October 20, 2014

Baldwin says lessons learned on shutdown (AUDIO)

Baldwin tours Currie lab PHOTO: WRN

Baldwin tours Currie lab PHOTO: WRN

Wisconsin Senator Tammy Baldwin believes congress has learned its lesson on government shutdowns. “There’s no question in my mind that this had a very negative impact, and the public is rightly speaking out and calling for our bipartisanship and cooperation,” said the Madison Democrat, who’s been named to the House-Senate conference committee charged with hammering out a budget deal by December 13th.

The panel was formed as part of the deal that ended the costly partial government shutdown – something Baldwin doubts will happen again. “I think it would be very unlikely that we would have another shutdown,” she said Tuesday on the University of Wisconsin campus in Madison. Wisconsin’s other U.S. Senator, Republican Ron Johnson, also wants to avoid another shutdown, but he said the two parties cannot agree on the size of the problem they face. Johnson is also on the conference committee, which is co-chaired by a third member of Wisconsin’s congressional delegation, GOP House Budget Committee chairman Pail Ryan of Janesville.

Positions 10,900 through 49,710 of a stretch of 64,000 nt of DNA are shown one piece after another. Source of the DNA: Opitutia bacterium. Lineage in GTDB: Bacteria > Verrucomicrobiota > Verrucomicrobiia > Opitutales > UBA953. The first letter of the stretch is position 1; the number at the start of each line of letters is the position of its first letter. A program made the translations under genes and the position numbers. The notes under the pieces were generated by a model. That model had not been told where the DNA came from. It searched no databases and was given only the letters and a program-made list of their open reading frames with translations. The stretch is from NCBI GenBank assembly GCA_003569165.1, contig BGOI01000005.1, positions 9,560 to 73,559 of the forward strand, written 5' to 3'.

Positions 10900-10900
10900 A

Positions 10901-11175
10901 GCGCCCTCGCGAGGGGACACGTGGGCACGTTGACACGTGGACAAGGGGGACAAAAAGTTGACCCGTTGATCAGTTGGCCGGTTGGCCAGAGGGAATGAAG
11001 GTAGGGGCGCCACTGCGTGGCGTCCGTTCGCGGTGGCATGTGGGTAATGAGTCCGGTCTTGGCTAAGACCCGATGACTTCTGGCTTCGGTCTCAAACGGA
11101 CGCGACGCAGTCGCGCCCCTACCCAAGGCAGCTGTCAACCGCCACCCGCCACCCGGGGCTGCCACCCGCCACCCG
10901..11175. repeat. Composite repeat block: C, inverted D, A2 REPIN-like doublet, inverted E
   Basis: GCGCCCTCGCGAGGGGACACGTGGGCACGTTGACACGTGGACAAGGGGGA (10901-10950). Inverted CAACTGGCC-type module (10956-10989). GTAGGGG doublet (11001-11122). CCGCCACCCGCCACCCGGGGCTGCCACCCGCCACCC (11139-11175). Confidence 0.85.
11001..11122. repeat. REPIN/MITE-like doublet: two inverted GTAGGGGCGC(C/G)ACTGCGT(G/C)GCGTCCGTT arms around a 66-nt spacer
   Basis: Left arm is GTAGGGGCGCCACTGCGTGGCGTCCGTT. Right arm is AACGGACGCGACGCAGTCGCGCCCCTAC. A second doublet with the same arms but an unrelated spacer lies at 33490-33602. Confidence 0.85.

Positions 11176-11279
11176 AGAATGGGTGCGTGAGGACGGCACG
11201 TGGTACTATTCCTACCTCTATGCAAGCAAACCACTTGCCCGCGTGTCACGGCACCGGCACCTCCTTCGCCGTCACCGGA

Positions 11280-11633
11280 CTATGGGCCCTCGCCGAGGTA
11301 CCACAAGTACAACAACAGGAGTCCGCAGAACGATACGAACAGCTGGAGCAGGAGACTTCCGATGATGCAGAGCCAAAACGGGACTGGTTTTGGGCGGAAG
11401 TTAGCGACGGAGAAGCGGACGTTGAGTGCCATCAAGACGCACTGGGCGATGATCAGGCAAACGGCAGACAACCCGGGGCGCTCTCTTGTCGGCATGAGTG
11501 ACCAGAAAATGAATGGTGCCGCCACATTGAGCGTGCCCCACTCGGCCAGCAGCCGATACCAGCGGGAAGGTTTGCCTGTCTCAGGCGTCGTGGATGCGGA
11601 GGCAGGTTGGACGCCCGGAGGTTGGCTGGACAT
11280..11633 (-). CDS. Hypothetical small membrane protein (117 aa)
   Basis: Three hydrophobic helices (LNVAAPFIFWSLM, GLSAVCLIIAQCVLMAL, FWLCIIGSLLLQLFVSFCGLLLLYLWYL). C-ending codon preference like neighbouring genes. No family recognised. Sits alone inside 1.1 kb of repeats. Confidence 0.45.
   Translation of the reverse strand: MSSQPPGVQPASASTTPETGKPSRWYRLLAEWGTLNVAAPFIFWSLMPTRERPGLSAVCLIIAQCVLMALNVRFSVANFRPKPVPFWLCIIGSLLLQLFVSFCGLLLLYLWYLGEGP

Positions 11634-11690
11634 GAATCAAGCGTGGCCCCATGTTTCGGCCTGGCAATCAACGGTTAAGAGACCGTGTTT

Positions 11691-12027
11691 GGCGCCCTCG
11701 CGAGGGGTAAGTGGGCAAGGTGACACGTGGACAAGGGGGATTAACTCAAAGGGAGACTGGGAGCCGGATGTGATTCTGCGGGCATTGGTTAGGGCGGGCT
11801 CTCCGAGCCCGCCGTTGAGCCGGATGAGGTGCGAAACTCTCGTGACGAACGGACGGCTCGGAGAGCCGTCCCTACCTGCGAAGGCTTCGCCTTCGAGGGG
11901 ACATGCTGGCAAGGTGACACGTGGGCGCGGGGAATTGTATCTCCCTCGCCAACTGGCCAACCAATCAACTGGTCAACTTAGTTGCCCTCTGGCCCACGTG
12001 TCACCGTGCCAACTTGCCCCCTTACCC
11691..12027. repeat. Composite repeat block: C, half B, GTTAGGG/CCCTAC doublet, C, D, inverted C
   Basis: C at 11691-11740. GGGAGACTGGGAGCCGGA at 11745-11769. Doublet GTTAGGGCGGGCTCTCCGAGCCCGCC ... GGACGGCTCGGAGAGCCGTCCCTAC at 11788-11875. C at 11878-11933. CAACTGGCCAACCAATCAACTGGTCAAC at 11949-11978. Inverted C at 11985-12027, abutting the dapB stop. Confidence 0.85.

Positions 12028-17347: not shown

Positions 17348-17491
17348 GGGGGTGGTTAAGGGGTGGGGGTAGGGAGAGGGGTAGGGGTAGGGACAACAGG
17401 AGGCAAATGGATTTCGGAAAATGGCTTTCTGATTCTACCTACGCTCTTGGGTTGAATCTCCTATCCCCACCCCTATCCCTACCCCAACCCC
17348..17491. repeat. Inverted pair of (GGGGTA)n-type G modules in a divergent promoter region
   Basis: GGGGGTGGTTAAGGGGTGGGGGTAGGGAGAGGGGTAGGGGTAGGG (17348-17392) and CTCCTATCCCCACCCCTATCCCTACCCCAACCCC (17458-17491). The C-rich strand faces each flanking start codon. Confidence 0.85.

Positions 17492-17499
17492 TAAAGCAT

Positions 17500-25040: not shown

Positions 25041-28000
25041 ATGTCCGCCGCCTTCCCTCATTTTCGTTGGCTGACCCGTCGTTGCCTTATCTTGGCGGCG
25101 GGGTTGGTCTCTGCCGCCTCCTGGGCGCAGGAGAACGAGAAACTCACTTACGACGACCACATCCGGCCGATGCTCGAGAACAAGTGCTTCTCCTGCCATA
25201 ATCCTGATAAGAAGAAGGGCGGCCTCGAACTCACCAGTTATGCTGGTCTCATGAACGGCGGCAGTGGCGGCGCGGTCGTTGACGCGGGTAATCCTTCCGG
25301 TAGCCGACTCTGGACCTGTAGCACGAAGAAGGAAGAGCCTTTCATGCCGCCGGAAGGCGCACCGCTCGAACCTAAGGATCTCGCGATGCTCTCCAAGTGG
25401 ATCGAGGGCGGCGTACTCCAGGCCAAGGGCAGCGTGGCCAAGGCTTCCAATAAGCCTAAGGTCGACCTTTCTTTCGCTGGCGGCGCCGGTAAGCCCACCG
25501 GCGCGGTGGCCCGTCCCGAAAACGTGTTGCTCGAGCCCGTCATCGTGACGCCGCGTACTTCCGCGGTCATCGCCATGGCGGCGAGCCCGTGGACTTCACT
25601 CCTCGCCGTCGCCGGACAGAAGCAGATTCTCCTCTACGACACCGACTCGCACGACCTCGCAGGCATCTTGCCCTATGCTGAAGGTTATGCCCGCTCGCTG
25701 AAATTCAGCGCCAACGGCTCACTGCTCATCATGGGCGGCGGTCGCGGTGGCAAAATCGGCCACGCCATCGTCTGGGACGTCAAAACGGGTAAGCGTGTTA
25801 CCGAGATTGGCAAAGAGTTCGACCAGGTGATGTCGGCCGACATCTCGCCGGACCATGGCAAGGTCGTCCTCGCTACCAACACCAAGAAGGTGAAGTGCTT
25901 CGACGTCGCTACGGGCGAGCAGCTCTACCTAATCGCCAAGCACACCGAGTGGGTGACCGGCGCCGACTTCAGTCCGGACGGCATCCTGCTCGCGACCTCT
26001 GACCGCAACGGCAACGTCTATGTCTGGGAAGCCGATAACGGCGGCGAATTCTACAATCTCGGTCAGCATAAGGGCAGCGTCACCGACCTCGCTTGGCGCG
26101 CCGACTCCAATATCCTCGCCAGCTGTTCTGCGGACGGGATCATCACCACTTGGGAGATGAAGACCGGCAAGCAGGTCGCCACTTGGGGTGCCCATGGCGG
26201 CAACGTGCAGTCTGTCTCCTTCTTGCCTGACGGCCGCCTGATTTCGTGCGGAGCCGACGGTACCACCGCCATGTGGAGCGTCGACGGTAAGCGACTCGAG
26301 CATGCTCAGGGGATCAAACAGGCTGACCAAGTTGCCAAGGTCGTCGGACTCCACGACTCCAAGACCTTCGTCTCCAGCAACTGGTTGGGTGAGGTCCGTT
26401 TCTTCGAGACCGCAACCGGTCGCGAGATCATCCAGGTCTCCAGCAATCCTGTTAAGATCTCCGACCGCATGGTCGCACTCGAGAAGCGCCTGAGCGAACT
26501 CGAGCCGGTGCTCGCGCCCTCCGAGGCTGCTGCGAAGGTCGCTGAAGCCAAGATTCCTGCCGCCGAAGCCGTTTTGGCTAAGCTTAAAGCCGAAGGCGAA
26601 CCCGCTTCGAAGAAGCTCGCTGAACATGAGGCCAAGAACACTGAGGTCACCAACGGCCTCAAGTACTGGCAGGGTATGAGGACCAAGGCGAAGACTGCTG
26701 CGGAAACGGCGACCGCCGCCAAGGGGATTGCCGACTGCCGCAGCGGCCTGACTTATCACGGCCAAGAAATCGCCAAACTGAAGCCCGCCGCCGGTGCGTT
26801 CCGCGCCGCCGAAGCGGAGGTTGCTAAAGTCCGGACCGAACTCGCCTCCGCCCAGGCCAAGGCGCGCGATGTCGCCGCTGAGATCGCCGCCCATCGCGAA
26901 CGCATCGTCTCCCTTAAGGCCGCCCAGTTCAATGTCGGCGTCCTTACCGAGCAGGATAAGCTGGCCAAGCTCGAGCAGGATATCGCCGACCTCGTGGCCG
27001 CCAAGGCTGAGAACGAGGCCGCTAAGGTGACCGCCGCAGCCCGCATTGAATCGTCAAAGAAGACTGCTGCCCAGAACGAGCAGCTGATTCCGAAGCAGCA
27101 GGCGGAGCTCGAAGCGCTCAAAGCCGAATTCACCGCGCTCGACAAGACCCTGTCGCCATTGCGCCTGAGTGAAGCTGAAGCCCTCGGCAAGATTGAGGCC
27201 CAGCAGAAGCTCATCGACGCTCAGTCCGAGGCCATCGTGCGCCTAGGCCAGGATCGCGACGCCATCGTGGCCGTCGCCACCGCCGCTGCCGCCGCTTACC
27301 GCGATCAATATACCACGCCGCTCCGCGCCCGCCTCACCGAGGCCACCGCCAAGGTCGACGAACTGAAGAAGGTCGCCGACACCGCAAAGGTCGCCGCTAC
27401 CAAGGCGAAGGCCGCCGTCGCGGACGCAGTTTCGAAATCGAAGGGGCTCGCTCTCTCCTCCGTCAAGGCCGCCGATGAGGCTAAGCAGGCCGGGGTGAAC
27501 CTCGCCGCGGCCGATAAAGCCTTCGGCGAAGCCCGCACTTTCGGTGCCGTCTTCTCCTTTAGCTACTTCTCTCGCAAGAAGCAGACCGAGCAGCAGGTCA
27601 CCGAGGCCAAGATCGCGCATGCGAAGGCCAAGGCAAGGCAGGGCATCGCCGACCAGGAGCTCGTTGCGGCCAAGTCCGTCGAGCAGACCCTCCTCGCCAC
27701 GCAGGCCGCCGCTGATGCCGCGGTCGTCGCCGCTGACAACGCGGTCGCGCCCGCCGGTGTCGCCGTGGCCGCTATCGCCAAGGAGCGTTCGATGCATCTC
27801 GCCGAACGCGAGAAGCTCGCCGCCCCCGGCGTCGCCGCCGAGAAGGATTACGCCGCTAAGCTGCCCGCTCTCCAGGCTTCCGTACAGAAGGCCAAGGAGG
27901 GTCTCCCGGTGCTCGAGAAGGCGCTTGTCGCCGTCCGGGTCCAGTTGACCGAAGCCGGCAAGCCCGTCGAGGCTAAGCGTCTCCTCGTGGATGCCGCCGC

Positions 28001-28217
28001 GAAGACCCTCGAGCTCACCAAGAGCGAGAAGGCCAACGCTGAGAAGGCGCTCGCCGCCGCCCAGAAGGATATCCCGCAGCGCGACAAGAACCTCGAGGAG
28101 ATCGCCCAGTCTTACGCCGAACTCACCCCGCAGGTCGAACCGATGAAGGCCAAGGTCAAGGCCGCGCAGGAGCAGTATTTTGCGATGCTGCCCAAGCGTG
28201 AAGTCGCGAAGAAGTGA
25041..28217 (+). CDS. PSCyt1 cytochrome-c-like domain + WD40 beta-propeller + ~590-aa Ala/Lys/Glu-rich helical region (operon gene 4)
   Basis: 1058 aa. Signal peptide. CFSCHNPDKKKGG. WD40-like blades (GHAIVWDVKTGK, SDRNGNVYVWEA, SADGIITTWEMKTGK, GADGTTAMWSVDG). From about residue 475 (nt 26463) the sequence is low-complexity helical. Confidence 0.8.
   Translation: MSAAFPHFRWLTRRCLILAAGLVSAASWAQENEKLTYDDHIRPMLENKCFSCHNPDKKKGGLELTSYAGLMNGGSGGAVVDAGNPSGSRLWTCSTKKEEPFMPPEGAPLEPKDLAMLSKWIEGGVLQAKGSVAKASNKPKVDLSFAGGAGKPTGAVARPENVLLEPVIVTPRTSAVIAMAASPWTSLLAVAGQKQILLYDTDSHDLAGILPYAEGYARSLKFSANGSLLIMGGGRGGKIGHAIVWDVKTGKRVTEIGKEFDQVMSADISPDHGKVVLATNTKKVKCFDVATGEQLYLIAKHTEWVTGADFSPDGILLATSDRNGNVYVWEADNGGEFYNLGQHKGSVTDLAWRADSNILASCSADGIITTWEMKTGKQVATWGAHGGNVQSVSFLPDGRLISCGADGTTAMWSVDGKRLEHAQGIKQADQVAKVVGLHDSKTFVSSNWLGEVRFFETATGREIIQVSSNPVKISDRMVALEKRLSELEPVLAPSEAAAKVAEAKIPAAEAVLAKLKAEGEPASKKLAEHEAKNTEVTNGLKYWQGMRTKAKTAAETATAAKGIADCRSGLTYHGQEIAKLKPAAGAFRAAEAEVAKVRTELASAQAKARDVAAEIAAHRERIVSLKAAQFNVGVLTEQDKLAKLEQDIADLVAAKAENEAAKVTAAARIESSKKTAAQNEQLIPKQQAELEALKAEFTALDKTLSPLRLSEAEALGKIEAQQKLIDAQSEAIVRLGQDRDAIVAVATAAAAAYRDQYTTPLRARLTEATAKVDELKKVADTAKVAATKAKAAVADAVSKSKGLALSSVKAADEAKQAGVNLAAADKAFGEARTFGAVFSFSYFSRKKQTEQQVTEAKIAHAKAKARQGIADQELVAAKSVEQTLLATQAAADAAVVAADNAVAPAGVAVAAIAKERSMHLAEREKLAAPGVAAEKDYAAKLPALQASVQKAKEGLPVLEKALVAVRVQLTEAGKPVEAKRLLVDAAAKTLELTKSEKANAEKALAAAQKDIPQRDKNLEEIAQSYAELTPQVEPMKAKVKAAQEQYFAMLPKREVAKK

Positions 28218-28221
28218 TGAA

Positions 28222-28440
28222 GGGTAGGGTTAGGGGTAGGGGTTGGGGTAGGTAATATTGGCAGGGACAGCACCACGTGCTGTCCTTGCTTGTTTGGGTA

AUDIO: Senator Tammy Baldwin (1:30)

While there’s been some talk of a “grand bargain” to tackle spending and entitlement reform, Baldwin thinks the conference committee should limit itself to reconciling the budgets already passed by the Senate and House. “That’s a daunting task in and of itself,” she said. Still, she believes a compromise can be reached. “I think what probably at this point is the difference between the Senate approach and the House approach is that I believe – and a number of my colleagues believe – that we can do this without cutting benefits.”

Baldwin toured Professor Cameron Currie’s laboratory in the UW Microbial Sciences building on Tuesday, and later participated in a round table discussion with faculty members about the threat to research funding as a result of the sequester. She said she’s hoping the conference committee will be able to end governing from crisis to crisis. “I think there’s a recognition that applied science creates ideas and innovations that ultimately spur our economy,” she said.